Dialect or language?

It is not always easy to determine whether some linguistic varieties are dialects of the same language or separate (closely related) languages. A common view is that speakers of different dialects of the same language understand each other, whereas speakers of different languages do not. The distinction is not, however, always this straightforward. For example, Swedish and Norwegian are so similar to each other that their speakers can understand each other without any major difficulties, yet Swedish and Norwegian are regarded as two different languages, as they are the languages of two different states and two different nations.

A language called Meänkieli that resembles Finnish is spoken on the Swedish side of Torne River Valley. Meänkieli is very similar to the Far North Finnish dialect spoken on the Finnish side of the border. From the Finnish-speaker’s perspective, Meänkieli could be regarded as a dialect of Finnish. However, in Sweden Meänkieli has been granted an official minority language status and is regarded as a separate language from Finnish.

Dialectal differences can also be seen as kinds of drifts. For example, the number of Saami languages still spoken today is around ten. Speakers of Saami languages who live close to each other usually understand each other even though they speak different languages. On the other hand, speakers of different Saami languages who live very far away from each other do not necessarily understand each other.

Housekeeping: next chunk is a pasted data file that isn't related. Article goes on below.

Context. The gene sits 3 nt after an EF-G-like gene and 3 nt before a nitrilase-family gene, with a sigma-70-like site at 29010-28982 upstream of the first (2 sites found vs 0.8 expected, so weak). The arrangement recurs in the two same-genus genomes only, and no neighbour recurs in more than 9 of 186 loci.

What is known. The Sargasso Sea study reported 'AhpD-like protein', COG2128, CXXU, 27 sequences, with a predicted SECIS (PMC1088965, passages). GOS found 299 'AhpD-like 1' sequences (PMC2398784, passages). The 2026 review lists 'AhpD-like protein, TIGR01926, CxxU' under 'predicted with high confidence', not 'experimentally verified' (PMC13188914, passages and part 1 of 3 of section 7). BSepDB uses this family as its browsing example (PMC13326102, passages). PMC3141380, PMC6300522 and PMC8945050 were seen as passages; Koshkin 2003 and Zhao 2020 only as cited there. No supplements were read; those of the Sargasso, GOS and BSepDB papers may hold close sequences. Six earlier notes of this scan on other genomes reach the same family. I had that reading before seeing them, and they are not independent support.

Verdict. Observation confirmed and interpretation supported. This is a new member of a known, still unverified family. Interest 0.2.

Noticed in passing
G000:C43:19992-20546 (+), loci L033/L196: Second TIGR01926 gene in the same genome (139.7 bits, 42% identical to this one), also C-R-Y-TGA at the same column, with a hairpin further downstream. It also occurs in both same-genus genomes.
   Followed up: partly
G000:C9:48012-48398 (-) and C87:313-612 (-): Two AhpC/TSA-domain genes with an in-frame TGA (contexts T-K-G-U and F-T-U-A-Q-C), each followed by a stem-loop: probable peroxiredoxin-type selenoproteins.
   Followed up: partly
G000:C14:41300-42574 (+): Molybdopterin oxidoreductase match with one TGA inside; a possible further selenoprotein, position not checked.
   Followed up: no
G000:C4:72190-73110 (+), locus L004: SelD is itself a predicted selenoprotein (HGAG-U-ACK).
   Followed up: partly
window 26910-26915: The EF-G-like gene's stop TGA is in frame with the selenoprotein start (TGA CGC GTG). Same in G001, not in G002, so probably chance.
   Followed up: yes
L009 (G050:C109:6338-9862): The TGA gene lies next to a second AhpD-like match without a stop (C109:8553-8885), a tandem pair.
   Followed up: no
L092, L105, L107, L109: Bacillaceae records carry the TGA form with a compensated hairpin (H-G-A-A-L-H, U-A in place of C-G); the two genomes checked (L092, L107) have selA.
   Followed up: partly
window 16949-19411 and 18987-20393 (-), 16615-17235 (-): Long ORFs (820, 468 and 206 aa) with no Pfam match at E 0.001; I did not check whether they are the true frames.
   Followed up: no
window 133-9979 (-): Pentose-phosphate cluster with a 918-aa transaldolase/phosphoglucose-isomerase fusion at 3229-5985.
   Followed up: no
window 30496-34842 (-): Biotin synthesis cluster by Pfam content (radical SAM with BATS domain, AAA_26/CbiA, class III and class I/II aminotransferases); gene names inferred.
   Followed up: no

The Finnish language has many dialects but one literary language that is common to everyone. Some Uralic languages have two or more literary languages. Not all Uralic languages can be studied in school, and there are some that do not have a literary language common to its speakers. In some cases, individual persons or the speakers of the same dialect write their own language in their own, slightly unique way.

Consequently, it is sometimes very difficult to draw the line between a dialect and a language. This is also why it is hard to specify the precise number of Uralic languages or the precise number of different languages in the word.

You can take a look at the online Meänkieli dictionary to compare Finnish and Meänkieli and see whether you think they are separate languages or dialects of the same language.


Ahola, Elina 2012: Suomen sukukielet [Linguistic relatives of Finnish]. In Suomen kieli. Opiskelijan tietokirja 2 [The Finnish Language. Textbook for Students 2]. Publications of the Department of Finnish and Finno-Ugric Languages of the University of Turku 1.

Korhonen, Mikko 1993: Kielen synty [The Birth of a Language]. WSOY.

Laakso, Johanna 1999: Karhunkieli. Pyyhkäisyjä suomalaisugrilaisten kielten tutkimukseen [Bear Tongue. Sweeps of Research into Finno-Ugric Languages]. Finnish Literature Society.